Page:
Mumtaz Qadri was executed on Monday for assassinating Punjab’s Governer Salmaan Taseer in 2011. He had hundreds of supporters gathered for his funeral in Islamabad and the nearby city of Rawalpindi on Tuesday, sparking fears of violence as police and troops were deployed at the main junctions.
Qadri said he was angry at the politician’s calls to reform the blasphemy law.
Blasphemy is a hugely sensitive issue in the Islamic republic, and Qadri was hailed as a hero by many conservatives eager to drown out calls to soften the legislation.
Around 800 men and women had gathered around the body as it was being placed in the ambulance, to be taken to the funeral, with no security forces to be seen.
Thousands of people protested in cities across Pakistan, but with the increased security all across the country 200 million people dispersed peacefully.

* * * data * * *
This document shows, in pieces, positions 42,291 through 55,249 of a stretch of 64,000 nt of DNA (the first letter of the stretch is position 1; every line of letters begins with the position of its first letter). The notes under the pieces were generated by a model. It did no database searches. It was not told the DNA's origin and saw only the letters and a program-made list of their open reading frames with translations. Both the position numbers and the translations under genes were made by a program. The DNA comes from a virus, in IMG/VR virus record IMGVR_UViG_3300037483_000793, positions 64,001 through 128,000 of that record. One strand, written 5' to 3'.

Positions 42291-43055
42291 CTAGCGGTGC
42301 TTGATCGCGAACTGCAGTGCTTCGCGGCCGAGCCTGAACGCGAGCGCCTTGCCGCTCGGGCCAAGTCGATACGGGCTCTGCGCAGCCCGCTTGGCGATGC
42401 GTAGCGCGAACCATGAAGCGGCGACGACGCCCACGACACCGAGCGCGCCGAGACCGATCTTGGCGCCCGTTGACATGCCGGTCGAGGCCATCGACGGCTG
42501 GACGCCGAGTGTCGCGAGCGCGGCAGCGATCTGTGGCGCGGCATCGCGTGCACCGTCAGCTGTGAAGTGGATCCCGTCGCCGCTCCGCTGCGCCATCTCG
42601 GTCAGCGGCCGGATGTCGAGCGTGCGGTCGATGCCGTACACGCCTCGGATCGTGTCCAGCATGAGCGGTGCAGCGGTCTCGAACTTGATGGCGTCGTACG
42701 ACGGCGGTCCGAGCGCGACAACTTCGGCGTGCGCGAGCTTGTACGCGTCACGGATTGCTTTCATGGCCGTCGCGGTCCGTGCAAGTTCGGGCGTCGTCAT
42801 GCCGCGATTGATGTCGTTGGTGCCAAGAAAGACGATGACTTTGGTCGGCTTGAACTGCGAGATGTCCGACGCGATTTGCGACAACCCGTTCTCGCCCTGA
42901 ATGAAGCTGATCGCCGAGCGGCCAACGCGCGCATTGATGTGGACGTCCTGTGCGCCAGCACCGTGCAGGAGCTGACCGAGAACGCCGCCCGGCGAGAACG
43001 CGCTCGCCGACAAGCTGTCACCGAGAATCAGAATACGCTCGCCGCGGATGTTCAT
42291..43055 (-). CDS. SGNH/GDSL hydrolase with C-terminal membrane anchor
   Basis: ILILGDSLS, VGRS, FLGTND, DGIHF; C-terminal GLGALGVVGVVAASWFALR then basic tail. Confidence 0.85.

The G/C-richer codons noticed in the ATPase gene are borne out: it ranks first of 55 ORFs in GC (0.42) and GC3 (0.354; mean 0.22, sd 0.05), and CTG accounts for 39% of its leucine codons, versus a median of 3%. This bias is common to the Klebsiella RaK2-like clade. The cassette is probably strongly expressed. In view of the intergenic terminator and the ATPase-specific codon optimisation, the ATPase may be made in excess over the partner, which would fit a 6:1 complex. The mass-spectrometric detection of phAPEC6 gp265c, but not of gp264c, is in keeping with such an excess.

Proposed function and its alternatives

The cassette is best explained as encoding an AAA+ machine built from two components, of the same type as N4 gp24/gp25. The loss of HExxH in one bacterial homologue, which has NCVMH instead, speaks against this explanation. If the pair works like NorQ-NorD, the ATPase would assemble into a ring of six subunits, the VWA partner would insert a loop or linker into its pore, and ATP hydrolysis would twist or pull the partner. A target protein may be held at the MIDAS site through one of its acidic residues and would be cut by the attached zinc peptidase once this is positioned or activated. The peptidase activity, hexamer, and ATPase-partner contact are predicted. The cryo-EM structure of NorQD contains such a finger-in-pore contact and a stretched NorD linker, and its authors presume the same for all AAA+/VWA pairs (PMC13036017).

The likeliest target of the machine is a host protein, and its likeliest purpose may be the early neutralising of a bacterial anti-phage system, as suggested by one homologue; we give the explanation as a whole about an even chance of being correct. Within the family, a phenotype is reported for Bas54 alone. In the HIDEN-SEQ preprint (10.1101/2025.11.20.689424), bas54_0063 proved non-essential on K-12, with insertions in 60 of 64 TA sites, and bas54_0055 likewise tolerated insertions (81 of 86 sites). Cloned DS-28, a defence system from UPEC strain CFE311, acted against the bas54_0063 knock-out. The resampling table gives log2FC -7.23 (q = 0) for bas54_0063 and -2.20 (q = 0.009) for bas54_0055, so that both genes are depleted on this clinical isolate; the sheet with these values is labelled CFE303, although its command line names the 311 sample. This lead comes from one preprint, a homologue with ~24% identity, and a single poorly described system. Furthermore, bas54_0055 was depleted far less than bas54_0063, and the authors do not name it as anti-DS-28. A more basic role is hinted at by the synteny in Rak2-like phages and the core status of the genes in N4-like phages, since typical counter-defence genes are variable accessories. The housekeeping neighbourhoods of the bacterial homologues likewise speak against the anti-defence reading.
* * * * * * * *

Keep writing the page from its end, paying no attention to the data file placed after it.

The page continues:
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A police official said , “Police have been heavily deployed across the capital today,” adding up to 3,000 officers on the streets, including paramilitary Ranger forces.
All schools and universities remained closed for the day after shutting early yesterday.
Liaquat Bagh, in Rawalpindi is where the funeral will take place. It is seen with political significance, as it is where Pakistani Prime minister Liaquat Ali Khan was assassinated in 1951, and the site of Former Prime Minister Benazir Bhutto’s assassination in 2007.